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A future without holidays? So say 3.6 million Aussies

March 29, 2016 Statistics & Trends No Comments Print Print Email Email

The experts tell us that the simple act of planning a holiday does wonders for our happiness levels, so what are the implications for people who not only have no holiday plans, but who don’t even foresee the prospect of going on holiday any time in the future? The latest findings from Roy Morgan Research reveal that some 3.6 million Australians aged 14+ fall into this category; hopefully, not all of them unhappy…

Some 14.1 million Aussies (or 72.4% of the population) are intending to travel within the next 12 months, with almost half of them planning to depart in the next three months. Nearly 20% are looking forward to a holiday sometime within the next three to five months (making it the most common time frame for Australian holiday intenders), and 17.8% are intending to take their next trip in six to 12 months.

But when asked, ‘When are you next likely to travel in Australia or overseas on a holiday of 1 or more nights?’ 18.3% of Aussies reported that they had ‘no trip intention’ – making this the second-most common response of all the time frames offered!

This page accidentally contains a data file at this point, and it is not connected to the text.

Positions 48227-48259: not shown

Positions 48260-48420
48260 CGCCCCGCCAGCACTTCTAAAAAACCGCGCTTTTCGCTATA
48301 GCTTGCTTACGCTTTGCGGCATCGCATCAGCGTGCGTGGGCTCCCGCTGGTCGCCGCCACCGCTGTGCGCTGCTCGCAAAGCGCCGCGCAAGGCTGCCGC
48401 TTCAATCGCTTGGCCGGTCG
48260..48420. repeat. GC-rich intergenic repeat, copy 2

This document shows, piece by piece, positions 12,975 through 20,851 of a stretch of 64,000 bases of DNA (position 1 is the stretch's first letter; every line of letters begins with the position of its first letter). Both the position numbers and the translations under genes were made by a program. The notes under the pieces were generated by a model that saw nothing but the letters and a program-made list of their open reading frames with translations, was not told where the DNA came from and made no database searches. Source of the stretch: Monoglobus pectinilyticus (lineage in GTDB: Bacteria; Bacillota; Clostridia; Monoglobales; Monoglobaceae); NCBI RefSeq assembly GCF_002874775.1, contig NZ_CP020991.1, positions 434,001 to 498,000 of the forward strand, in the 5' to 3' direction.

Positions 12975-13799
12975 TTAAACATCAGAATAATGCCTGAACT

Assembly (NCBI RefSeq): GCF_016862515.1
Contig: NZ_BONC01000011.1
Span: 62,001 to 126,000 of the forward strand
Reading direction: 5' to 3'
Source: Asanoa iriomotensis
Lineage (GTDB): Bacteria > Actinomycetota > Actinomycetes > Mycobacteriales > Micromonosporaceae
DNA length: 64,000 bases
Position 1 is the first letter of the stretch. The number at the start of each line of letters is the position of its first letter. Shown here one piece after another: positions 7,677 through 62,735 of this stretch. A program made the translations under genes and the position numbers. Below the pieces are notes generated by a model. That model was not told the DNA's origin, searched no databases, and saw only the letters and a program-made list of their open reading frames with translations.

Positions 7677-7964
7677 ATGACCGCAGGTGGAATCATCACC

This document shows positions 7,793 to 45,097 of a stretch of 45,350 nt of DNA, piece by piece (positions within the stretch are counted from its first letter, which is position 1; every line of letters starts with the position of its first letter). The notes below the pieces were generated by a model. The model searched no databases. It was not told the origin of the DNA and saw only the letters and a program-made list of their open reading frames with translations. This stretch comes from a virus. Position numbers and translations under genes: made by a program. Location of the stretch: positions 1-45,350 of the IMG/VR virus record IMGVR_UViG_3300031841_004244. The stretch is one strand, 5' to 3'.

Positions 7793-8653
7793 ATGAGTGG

‘When are you next likely to travel in Australia or overseas on a holiday of 1 or more nights?’


Source: Roy Morgan Single Source (Australia), January-December 2015 (n=15,367)Base: Australians 14+

No trip intended

Certain sectors of the population are noticeably less likely than average to be planning a trip of any kind. Nearly a third (31.4%) of Aussies aged 65+ don’t have any holiday plans at all; nor do 27.3% of single parents. Socio-economically disadvantaged Australians are the least likely to foresee any holidays in their near or distant future:  35.2% of people from the lowest socio-economic quintile* (FG) say they have absolutely no intention to travel.

Of course, these aren’t necessarily mutually exclusive groups; over half of 65+ year-olds and nearly 40% of single parents with no plans for a holiday fall within the FG quintile.

While people who don’t work (whether because of age, unemployment or other reasons) are almost twice as likely than the average Aussie to have no travel intentions, there is one segment of the workforce which is also  considerably less likely to be planning a holiday: people with more than 10 weeks of annual leave accrued.

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